Industrial Automation : Shape from shading images steering components

High precision metal-plastic composite assemblies are used in many automotive applications such as steering controls.

Tech Fig 3 1406vsd
Tech Fig 3 1406vsd
Using a dome light, composite assemblies are illuminated with diffuse light from four different techniques. A shape from shading algorithm was then used to detect and analyze the surface of the parts.

High precision metal-plastic composite assemblies are used in many automotive applications such as steering controls. These hybrid assemblies with their plastic parts, metal conductor lines and bonded surfaces form an integral part of the steering for modern vehicles and provide the safe transfer of driver's commands to the reaction of the vehicle. Since such parts perform extremely important functions, all the components of such a functional assembly must be tested before they are shipped to the customer. After manufacturing such parts, Swoboda (Wiggensbach, Germany;www.swoboda.de), a manufacturer of metal-plastic components for automobile electronics required a system to inspect these parts for any possible defects..

One of the main challenges faced with developing such a system was the optical variances encountered when imaging the metal-plastic parts. Using a conventional 2D machine vision system, the different differing light reflections from each part led to increased false rejects that required further manual analysis and resulted in additional manufacturing costs. To overcome this, Swoboda installed a Trevista system from Stemmer Imaging (Puchhein, Germany;www.stemmer-imaging.de) to detect and analyze the surface of the parts at high resolution. Using the system, false rejects were reduced by nearly two thirds.

To detect and analyze the surface of the parts, the Trevista system uses a technique known as shape-from-shading. In this technique, the surface normals of light reflected from objects are imaged under different lighting conditions. To accomplish this, the assemblies were placed under a dome light that was used to illuminate each part with diffuse light from four different directions. Within the dome light there are two LEDs located in four separate segments. These segments are illuminated sequentially using a flash controller and a timing unit. A Genie TS 4096, 12Mpixel camera from Teledyne DALSA (Waterloo, Ontario, Canada;www.teledynedalsa.com) placed above the dome light then capturesfour different images of the part.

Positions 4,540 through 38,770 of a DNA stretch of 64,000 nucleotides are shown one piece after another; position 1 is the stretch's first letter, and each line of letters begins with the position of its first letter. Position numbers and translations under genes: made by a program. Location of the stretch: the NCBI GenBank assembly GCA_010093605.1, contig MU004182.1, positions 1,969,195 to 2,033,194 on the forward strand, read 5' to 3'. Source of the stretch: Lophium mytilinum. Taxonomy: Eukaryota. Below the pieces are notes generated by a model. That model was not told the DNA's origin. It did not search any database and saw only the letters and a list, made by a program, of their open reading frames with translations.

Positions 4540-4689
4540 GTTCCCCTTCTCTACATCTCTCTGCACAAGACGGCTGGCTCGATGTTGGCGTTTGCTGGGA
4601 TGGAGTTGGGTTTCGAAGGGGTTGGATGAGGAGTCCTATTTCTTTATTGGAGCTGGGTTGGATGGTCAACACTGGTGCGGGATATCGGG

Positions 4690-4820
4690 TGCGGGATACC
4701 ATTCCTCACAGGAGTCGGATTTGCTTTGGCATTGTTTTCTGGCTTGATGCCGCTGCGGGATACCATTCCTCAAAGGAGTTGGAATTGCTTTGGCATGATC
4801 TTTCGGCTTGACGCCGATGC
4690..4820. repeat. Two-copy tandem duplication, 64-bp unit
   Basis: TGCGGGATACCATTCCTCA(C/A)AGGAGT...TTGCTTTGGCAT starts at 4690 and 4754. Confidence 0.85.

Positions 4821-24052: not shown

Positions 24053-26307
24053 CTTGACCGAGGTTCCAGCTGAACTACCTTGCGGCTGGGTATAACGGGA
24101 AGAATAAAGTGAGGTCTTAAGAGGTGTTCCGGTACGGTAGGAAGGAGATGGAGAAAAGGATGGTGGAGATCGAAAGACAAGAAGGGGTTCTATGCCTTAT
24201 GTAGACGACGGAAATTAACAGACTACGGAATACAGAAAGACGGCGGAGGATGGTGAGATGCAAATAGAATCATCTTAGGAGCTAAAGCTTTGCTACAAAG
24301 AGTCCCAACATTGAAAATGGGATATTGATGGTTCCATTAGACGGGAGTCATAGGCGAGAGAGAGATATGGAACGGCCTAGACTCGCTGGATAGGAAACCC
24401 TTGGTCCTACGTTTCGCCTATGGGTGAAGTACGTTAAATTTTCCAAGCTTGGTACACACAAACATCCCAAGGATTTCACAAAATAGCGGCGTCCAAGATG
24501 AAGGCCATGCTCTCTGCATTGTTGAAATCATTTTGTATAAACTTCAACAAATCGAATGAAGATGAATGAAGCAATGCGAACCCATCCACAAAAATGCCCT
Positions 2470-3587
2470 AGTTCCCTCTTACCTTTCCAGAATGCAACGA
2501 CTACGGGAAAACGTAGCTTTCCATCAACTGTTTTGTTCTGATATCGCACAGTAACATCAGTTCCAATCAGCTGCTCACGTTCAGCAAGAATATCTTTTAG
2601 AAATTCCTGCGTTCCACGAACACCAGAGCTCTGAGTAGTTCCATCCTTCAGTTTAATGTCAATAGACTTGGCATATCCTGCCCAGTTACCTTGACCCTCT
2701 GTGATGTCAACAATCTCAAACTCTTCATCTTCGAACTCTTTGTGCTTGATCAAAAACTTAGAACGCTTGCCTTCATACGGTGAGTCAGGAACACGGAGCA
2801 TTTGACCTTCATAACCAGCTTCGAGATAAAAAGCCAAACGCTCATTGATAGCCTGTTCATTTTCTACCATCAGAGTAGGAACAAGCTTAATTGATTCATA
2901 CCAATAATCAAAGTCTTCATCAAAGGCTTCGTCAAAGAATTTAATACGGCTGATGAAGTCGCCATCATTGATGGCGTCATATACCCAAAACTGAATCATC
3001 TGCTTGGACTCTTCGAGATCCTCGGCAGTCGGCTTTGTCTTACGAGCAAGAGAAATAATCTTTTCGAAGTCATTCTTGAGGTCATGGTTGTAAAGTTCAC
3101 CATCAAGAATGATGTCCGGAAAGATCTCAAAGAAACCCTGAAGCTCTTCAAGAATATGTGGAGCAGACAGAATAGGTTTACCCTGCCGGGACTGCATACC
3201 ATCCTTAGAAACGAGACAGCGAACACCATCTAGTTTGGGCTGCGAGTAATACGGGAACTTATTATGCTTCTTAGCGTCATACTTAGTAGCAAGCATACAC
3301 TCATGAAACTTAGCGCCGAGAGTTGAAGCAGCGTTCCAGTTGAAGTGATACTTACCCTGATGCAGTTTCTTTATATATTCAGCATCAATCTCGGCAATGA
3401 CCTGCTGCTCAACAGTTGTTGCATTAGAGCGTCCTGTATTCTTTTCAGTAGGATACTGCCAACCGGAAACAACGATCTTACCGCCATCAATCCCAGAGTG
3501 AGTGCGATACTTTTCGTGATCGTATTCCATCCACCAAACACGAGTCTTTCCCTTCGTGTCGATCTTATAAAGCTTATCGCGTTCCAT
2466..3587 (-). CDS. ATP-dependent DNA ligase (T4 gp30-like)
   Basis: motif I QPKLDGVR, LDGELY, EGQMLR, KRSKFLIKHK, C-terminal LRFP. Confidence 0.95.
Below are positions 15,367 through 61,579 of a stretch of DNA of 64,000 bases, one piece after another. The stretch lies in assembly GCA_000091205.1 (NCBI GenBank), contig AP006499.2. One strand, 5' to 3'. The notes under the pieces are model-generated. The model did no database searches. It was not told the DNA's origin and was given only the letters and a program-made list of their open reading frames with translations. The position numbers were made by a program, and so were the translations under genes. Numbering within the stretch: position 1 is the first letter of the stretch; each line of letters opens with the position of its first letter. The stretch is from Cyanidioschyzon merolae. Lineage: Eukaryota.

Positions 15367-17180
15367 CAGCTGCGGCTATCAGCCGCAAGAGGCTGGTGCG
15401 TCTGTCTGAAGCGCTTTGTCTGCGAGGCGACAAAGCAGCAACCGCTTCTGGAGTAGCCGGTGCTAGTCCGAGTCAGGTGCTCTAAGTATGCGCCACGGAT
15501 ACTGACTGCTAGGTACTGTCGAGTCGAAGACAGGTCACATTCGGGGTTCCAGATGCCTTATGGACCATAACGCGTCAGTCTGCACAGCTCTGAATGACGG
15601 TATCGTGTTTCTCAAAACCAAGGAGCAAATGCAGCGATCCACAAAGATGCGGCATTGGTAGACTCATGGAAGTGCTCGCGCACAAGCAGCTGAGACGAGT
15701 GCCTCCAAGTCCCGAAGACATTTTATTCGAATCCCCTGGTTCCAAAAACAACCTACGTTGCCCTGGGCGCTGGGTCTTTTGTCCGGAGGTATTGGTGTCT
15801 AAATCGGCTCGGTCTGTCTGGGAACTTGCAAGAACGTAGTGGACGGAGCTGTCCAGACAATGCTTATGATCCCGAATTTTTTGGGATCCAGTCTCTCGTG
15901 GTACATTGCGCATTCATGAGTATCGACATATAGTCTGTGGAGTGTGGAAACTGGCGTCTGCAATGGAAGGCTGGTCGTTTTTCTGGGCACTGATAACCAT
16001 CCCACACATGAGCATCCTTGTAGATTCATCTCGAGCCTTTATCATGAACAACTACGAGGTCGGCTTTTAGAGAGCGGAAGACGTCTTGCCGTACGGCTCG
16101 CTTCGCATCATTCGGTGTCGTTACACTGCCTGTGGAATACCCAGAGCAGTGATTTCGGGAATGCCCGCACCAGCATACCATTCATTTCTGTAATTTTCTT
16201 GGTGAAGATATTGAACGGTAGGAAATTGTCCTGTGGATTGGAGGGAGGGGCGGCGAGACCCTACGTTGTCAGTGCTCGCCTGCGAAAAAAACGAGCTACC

A proprietary algorithm then processes these input images and creates four synthetic images. While the first two represent the local slope of the surface in x and y directions, the third, the so-called curvature image represents the topography of the surface. Finally the fourth image records the texture of the surface and can be compared to a conventional 2D image.

All four images are captured and transferred to a host PC for analysis of faults using the Common Vision Blox software from Stemmer Imaging. To determine whether any part is faulty, an algorithm written using Sherlock software from Teledyne DALSA operates on each of the images individually. In the simplest case, a blob analysis with a threshold is performed on the gray scale values of the image to determine the local slope. In this way, even small fault characteristics of only a few micrometers in depth can be determined. The curvature images show the surface's shape characteristics, and are not affected by the brightness and color of the part. Area scan cameras are used in the Trevista system for inspecting non-moving assemblies. However, in case of inspecting the outer cylindrical surfaces of rotationally symmetric components, a combination of the Trevista technique with line scan cameras are used.

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